If we’re going to let the technology do the work for us, it should also have aspects of our personal life on our calendar. That’s part of what I’m saying when it comes to work, life integration and being conscious about if you’re working so many hours and you’re kind of always working, how do you break up the day so you’re fully maximizing your time, and you’re fulfilled personally and professionally? And the first chapter is called Focus on Fulfillment. You need to become fulfilled before you can sit down with all of your team members and help them accomplish their goals and service their needs. And the things that remain consistent, as you know, you’re born, you pay taxes, you die. That’s the big joke. Right? Probably through multiple generations.
Well, what about we only have 24 hours in a day? And then our needs in terms of the Maslow’s Hierarchy of Needs remain the same regardless of how much technology we have. We need food and shelter, and then to be loved and have friendships. Otherwise, we’ll never be self actualized. We’ll never be able to reach our full potential and be the most productive worker imaginable for our company.
John Jantsch: And you know what’s interesting, there’s so many companies today that have distributed workforce. And I find myself falling into this habit. I have our check in meetings, and at the end it’s just like, “Get to it. Work. Work.” It’s like we never have that what we used to call, around the water cooler time, where it’s like, “Hey. How was your weekend?” It’s just like, we’ve got this call, it’s scheduled. It’s for a purpose. It’s like a meeting, so we never have that time to in some ways get to know each other. One of my favorite chapters in the book is this idea of shared learning, where you may be … I think you have to carve out these things. Don’t you?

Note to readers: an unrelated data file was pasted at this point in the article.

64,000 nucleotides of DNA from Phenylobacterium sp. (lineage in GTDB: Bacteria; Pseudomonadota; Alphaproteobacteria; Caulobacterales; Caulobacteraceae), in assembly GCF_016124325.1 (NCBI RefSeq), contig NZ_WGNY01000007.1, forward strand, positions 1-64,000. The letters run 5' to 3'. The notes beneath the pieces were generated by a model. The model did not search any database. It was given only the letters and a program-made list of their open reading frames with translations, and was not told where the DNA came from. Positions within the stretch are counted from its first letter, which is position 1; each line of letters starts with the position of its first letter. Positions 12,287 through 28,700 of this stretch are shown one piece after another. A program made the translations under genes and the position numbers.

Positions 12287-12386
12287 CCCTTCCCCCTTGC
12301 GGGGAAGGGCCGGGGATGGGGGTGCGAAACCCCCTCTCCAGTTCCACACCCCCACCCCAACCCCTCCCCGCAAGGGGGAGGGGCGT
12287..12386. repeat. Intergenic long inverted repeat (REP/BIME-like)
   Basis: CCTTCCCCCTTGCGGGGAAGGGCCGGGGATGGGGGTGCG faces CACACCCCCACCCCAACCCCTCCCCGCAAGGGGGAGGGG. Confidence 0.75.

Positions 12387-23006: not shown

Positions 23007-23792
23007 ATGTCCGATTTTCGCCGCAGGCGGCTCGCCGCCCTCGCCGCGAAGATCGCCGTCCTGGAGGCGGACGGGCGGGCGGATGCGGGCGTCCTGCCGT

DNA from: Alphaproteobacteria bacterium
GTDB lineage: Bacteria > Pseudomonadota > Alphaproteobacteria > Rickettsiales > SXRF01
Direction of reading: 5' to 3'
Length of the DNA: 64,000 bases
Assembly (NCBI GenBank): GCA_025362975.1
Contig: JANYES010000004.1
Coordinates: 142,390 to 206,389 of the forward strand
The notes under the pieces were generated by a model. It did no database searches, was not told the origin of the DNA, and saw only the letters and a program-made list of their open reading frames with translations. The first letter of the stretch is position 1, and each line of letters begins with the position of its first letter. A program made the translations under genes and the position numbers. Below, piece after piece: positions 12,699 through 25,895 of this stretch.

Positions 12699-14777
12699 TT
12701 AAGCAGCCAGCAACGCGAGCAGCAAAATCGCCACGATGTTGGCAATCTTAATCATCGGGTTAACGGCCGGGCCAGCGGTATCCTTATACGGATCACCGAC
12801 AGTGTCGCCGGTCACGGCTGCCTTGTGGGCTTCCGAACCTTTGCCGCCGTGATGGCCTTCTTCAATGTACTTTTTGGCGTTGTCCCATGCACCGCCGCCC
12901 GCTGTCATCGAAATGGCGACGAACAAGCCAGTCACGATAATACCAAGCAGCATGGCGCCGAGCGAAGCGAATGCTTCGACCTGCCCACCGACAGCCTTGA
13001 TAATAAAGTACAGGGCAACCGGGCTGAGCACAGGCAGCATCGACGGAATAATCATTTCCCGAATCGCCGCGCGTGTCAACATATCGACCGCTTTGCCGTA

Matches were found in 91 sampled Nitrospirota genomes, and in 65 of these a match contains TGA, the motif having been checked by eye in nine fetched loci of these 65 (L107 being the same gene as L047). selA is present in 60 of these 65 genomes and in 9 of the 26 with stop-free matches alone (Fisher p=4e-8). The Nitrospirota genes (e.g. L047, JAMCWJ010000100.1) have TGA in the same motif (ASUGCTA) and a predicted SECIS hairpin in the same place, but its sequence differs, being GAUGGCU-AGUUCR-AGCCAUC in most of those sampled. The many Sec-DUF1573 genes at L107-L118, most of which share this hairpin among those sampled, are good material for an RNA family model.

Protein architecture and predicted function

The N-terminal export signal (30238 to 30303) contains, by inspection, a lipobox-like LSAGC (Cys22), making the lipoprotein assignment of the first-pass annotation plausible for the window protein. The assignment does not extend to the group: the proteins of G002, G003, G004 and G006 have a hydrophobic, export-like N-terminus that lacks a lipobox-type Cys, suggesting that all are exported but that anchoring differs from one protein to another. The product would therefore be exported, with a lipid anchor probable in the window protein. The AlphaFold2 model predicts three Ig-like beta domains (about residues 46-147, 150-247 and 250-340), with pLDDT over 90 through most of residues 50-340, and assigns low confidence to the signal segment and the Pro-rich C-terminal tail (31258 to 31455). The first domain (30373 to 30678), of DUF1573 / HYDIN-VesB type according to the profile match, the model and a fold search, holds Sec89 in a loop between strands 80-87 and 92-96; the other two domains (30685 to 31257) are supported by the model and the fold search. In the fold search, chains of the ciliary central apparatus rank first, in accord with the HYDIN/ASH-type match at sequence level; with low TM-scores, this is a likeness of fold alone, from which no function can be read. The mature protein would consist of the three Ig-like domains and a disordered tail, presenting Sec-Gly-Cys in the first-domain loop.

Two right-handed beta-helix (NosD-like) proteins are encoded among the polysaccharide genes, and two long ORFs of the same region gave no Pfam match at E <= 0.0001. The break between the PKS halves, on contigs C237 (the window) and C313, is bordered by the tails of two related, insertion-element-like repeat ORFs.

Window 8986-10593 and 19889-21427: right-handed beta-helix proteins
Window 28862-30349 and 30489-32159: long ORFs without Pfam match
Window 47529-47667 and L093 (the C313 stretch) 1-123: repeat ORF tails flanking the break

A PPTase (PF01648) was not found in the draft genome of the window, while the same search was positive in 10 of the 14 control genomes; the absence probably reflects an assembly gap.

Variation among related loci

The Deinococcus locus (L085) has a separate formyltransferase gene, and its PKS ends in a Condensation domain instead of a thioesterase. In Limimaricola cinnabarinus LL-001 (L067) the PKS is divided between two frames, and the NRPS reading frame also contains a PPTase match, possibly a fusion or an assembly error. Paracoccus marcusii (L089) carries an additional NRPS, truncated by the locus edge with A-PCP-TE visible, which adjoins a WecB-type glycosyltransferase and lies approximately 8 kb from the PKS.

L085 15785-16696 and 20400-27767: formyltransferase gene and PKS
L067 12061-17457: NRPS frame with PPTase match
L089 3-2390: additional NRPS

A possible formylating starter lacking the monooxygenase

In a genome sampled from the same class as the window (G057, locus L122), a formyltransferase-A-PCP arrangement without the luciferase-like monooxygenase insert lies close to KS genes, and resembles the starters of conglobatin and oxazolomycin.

Dan Schawbel: You know what’s amazing? So many people have said they’ve liked that chapter. And the reality is the reason why I think that chapter is so in the now is because true power, and you’ve done that, we’ve grew up in the world of blogging, so we know this very well, is true power and influence in our society is not the people who hold onto the information. It’s those who distribute it freely. And I think that’s a big shift from maybe 10, 20 years ago versus today.
And we need to share what we know with the people we work with and care about, so all of us can keep up with the speed of business and adopt the changes that are inevitably happening, whether we like it or not. The average relevancy of a learned skill is only five years, so we have to keep on moving. The big skills now are artificial intelligence, machine learning, data scientists. You’ve got to keep going. You’ve got to keep up with what’s changing. And if you don’t, the tasks you did five and 10 years ago are just not going to be as relevant. You’re going to get paid less for them and you’re going to struggle.
And in order to know this information, in order to know the trends that are going on in your industry, learn the new skills, see the latest research study, we have to count on each other because we’re finding more and more information through our network. I mean, that’s the brilliance of Facebook. Right? It’s like, I don’t have to figure out what’s going on in the news. It’s going to come to me based on who I follow and friend.